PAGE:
Why Environmentalists Want to Tell It to the Judge

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Fighting Climate Change, Without the U.S.

Efforts to fight climate change are going nowhere in the U.S. Congress, and President Donald Trump has vowed to withdraw from the Paris climate agreement. So environmentalists are turning to the courts. A March 7 ruling that allowed one case to proceed — a charge that the federal government helped enable climate change — has buoyed environmentalists. But they’ll still have to overcome a host of legal obstacles and lawyers for oil and gas companies before the question of who’s responsible for global warming can be weighed in court.

1. What are environmental activists doing?

Some are suing on behalf of local governments, claiming that energy companies denied scientists’ findings on climate change despite knowing the “grave risk” posed by the use of fossil fuels. New York City has filed suit against six oil and gas producers claiming they’re the world’s largest contributors to climate change. Attorneys general in Massachusetts and New York are investigating Exxon Mobil Corp., the biggest U.S. oil company, for defrauding shareholders and consumers by covering up information on climate change. Others blame the government for failing to act against global warming. The case that moved forward on March 7 is a 2015 suit by a group of 21 Oregon children and teens that claimed the federal government has failed to take actions necessary to limit greenhouse gases, violating their constitutional rights to life, liberty and property.

2. Why have they turned to the courts?

Activists and environmentally-minded lawyers are seeking new ways to use the law to slow global warming and assign responsibility for the resulting economic damages. Some suits predate the 2016 presidential election, but they’ve been given new urgency by Trump’s election and the appointment of Scott Pruitt to head the Environmental Protection Agency. Trump has shrunk the size of national monuments to allow mining, oil and gas drilling, and has proposed opening coastal waters to oil drilling. Pruitt has questioned the link between emissions and global warming, as well as whether climate change is a health risk.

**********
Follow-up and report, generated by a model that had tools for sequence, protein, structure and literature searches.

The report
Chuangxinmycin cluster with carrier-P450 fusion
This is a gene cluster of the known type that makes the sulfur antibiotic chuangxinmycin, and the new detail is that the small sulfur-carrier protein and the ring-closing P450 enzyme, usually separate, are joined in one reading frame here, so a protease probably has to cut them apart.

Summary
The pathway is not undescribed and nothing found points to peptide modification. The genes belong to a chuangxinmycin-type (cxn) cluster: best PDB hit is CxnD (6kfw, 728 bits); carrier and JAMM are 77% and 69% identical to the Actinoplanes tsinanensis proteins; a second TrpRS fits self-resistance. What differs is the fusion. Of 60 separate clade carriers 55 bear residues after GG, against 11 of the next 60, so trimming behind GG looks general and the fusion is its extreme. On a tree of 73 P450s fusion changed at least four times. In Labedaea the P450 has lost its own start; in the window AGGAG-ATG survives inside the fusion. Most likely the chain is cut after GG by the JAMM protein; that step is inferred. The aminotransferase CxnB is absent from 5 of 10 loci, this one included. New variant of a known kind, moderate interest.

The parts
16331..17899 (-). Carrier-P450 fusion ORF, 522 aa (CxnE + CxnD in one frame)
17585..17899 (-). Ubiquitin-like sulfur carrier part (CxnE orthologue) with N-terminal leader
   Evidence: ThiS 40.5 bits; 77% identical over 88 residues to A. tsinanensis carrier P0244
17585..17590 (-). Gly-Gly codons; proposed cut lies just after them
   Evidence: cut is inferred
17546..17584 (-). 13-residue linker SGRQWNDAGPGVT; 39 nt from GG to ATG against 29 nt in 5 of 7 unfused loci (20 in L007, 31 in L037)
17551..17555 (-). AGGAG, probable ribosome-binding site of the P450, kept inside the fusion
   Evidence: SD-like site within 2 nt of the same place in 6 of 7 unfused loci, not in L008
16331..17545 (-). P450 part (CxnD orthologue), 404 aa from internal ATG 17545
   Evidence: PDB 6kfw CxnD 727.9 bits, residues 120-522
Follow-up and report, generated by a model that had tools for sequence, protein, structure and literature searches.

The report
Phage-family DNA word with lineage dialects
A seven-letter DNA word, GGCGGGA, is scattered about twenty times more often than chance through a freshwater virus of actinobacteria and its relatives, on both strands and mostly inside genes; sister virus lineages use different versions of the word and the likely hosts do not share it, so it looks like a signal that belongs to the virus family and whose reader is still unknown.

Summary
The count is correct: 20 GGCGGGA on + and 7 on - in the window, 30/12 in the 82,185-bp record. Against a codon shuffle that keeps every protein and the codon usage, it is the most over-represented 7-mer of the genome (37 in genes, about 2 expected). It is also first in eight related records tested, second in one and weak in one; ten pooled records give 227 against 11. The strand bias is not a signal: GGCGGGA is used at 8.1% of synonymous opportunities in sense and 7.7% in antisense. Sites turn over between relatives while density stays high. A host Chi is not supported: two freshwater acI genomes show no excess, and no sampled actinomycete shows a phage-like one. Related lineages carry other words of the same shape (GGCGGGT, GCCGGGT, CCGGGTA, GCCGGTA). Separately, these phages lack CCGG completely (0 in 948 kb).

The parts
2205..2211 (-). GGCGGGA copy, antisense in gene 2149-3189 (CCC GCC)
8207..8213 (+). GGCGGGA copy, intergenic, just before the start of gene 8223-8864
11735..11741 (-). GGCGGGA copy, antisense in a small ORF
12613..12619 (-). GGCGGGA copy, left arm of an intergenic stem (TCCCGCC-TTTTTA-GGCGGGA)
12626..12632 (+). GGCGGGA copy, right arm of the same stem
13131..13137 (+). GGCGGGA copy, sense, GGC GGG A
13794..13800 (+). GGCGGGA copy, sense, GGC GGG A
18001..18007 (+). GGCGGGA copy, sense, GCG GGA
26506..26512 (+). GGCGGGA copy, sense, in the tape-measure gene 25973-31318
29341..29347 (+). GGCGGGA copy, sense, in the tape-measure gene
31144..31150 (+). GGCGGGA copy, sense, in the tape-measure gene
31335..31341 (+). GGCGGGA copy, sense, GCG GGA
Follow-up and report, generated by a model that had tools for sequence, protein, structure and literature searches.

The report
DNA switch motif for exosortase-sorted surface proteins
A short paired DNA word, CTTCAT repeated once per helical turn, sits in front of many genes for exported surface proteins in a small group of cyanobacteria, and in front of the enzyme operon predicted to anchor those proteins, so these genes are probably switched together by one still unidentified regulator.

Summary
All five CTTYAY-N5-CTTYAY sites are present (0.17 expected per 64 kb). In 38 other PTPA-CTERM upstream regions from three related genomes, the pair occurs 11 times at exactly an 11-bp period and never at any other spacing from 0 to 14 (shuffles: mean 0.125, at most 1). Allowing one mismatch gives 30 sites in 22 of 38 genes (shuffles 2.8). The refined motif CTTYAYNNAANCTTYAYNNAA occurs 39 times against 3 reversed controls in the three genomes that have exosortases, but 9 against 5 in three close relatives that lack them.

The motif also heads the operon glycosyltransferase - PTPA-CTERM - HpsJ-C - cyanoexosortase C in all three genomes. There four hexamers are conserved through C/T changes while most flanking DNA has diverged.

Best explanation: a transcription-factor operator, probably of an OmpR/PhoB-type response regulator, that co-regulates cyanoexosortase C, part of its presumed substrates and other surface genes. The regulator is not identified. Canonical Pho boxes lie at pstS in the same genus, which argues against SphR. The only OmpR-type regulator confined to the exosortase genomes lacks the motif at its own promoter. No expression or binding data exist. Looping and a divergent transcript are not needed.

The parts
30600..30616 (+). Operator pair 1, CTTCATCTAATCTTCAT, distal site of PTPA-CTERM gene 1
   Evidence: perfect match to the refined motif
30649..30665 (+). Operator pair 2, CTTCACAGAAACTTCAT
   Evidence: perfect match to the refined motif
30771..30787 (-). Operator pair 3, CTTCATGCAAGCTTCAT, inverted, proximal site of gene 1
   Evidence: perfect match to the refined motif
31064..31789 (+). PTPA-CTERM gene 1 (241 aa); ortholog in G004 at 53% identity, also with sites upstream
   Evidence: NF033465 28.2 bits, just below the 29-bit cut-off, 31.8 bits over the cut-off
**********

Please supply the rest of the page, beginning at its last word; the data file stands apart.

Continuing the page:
3. How will environmentalists try to prove their cases?

The New York City suit is built on a claim that oil and gas companies have created both a “public nuisance ” — an illegal threat to community welfare — and a “private nuisance” — an unreasonable interference with the use of someone else’s land. It’s a strategy that’s been used successfully against producers of asbestos and lead paint, but not for something as broad as global climate change. The Oregon suit, Juliana v. U.S., and similar cases are based on a claim that the health of the environment is a public trust, held by the government for the benefit of future generations.

4. What are energy companies doing about this?

Fighting fire with fire. Exxon has sued the lawyers who sued it, claiming that the suits and state investigations constitute a conspiracy to deny its right to free speech as part of the climate debate. Energy companies are taking maximum advantage of procedural moves, including moving claims out of state court and into federal court, where they believe the law is more favorable and judges more sympathetic. Broadly, companies say the solution must come from Congress, not the courts. They also argue that the lawyers suing them are seeking to demonize them unfairly in hopes of big settlements.

5. What are the chances environmentalists can win?

Unclear. They’ll have to persuade courts to apply the law in new ways. In 2011, the U.S. Supreme Court rejected a public nuisance suit against fossil-fuel burning electric plants, ruling that it was up to the EPA to regulate greenhouse gases under the federal Clean Air Act. But environmentalists were heartened by the San Francisco-based appeals court ruling on March 7 that allowed the Oregon teenagers’ suit to move toward trial, rejecting a dismissal bid by the U.S. Justice Department.

The Reference Shelf

  • Bloomberg coverage of the suits can be found at Climate Changed.
  • The National Association of Manufacturers has an Accountability Project that is tracking environmental suits against industries.
  • The New Yorker profiled the Oregon teenagers suing over climate change.
  • Bloomberg QuickTakes on climate change and Trump’s efforts to revive coal power in the U.S.
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